Like most things in your garden, tools need a little loving care to keep them happy. Since this week is all about roses, here are a few tips for keeping your pruners protected.
Care for your pruners will vary a bit depending on the particular make that you own. These Handmade Japanese Garden Pruners are $98 from Kaufmann Mercantile. Because they're not made of stainless steel, they might need a bit more care than your average pair of pruners, but we think all pruners enjoy a little extra attention.
For a roundup of our favorite pruners, see 10 Easy Pieces: Garden Pruners.
A good rule of thumb is to get in the habit of giving your pruners a good wash after each use. After making just a few snips, I am often tempted to forgo a washing, but cutting even one stem can leave sap and plant residue behind and damage your pruners over the long run.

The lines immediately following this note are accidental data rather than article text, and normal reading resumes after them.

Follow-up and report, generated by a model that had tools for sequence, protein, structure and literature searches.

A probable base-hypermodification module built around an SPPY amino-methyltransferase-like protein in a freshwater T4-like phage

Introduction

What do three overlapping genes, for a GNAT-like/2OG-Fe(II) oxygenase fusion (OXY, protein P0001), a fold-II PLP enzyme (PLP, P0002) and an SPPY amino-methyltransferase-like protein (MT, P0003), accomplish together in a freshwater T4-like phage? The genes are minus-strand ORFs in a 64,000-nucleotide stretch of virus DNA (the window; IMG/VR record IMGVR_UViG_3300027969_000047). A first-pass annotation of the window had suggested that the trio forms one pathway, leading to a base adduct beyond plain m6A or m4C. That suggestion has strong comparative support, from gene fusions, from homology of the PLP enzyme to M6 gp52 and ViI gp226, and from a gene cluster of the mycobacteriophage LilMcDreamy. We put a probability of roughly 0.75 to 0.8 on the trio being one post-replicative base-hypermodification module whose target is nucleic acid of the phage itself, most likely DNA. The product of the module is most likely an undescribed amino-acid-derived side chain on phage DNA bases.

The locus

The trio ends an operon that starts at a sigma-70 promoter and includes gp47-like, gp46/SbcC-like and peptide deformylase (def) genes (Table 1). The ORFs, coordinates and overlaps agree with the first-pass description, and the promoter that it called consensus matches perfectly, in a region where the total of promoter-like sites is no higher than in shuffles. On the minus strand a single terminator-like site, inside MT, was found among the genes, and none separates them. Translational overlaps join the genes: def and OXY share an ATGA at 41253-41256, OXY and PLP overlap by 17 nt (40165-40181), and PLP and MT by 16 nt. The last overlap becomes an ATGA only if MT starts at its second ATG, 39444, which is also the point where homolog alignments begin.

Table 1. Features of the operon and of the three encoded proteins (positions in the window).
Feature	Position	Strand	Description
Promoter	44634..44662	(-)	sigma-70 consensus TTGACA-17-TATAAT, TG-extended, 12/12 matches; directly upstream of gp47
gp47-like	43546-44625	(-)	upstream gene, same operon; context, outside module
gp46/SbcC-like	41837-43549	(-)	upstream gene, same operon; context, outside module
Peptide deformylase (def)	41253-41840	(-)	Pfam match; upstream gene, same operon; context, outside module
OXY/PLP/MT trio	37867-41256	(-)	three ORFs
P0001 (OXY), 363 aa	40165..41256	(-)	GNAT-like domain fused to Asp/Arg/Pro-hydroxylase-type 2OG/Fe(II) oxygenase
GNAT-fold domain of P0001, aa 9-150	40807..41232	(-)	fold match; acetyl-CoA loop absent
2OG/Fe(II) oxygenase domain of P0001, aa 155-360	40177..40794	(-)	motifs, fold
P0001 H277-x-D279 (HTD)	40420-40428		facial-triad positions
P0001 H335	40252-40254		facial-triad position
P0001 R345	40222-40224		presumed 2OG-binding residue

Usually, warm soapy water is all you need to give your pruners a good washing. Same goes for garden scissors and other metal garden tools.
After you finish washing them, make sure that your pruners are well dried to help prevent rust from forming.
If you do notice rust forming, you might use linseed oil and small wire brush to help brush away the rust and clean your pruners. After cleaning your metal tools with linseed oil, make sure to give them another good wash to prevent a sticky film from forming. Linseed oil is also an excellent protectant for your wooden-handled garden tools.
A liter of Boiled Linseed Oil is $21.50 from Solvent Free Paint.
Even if your tools aren't prone to rust, it's a good idea to wipe them down with oil after cleaning them. Some people rely on motor or mineral oil for general tool protection, but I like to use just a small bit of household vegetable oil to keep them lubricated and ready for next time.
For more on tool maintenance, see 5 Favorites: Tool Sharpeners.